Saturday, May 21, 2005

Three cheers for the Central Bank :: 7DAYS

Last time it happened, late last year over the IPO of Aldar Real Estate, the authorities let the offending banks off with a slap on the wrist. Not this time. The Central banks has said it will strip the four unnamed banks of interest earned on loans of 228.8 billion dirhams, which it said exceeded their authorised lending levels.

Why does this matter? For two reasons. First, because in any economy, if banks start playing by their own rules, they can end up in trouble - taking down thousands of ordinary individuals and companies with them. The scandal involving the Bank of Credit and Commerce International, which had strong links with the UAE, may be more than 10 years ago. But for the depositors who lost billions of dollars, the memories are still extremely vivid.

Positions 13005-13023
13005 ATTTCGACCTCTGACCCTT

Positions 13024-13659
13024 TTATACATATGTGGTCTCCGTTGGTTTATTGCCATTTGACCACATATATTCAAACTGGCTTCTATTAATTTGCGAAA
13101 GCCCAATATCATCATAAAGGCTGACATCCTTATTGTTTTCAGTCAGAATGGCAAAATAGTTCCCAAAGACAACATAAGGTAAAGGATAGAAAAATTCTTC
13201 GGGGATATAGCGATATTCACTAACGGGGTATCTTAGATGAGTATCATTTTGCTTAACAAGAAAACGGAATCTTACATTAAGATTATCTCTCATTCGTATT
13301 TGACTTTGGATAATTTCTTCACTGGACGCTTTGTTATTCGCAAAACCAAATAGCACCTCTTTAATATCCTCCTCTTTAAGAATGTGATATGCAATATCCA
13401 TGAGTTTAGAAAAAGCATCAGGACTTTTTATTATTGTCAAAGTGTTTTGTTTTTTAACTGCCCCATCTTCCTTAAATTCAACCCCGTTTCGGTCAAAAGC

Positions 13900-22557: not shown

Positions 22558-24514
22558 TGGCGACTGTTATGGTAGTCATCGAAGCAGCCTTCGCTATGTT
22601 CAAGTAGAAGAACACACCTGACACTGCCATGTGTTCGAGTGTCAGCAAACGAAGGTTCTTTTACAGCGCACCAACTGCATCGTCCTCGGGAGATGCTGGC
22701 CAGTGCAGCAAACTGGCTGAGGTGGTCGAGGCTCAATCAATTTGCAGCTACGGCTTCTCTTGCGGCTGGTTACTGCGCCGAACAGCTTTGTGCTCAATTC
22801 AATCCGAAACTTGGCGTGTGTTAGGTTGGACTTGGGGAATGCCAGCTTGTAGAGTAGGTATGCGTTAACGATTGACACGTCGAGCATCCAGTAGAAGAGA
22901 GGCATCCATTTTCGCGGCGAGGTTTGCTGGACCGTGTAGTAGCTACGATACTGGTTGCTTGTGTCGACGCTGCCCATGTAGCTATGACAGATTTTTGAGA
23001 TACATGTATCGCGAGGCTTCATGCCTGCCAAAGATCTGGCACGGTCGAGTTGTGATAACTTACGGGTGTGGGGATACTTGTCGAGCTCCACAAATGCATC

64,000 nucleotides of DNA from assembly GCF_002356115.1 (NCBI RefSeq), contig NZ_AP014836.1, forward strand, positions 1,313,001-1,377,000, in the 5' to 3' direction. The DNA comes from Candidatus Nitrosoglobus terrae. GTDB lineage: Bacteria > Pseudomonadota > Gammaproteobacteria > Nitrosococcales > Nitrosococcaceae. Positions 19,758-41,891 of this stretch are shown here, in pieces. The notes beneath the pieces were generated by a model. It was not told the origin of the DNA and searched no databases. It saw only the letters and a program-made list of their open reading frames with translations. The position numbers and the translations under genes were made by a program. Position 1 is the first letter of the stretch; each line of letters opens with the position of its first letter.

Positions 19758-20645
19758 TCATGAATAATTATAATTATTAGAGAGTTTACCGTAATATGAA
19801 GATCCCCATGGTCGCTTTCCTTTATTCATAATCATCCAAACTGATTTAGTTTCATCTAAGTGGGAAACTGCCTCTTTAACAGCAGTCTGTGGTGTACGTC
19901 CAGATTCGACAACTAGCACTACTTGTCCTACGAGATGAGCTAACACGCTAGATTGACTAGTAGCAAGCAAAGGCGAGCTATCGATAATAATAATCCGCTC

Second, because the stock markets in the UAE were in danger of entering bubble territory – fuelled partly by banks lending to investors for stock market speculation. Rumours in both Dubai and Abu Dhabi suggest that some investors have had to sell cars and even houses in recent weeks to repay short-term bank loans used for stock market speculation, after the markets fell about ten per cent in the first week of May. Again, we don’t need to go back too far in the history books to see the damage that a stock market bubble can do to an economy when it bursts (Japan in the 1990s and the US in the early 20th century, to name just two).



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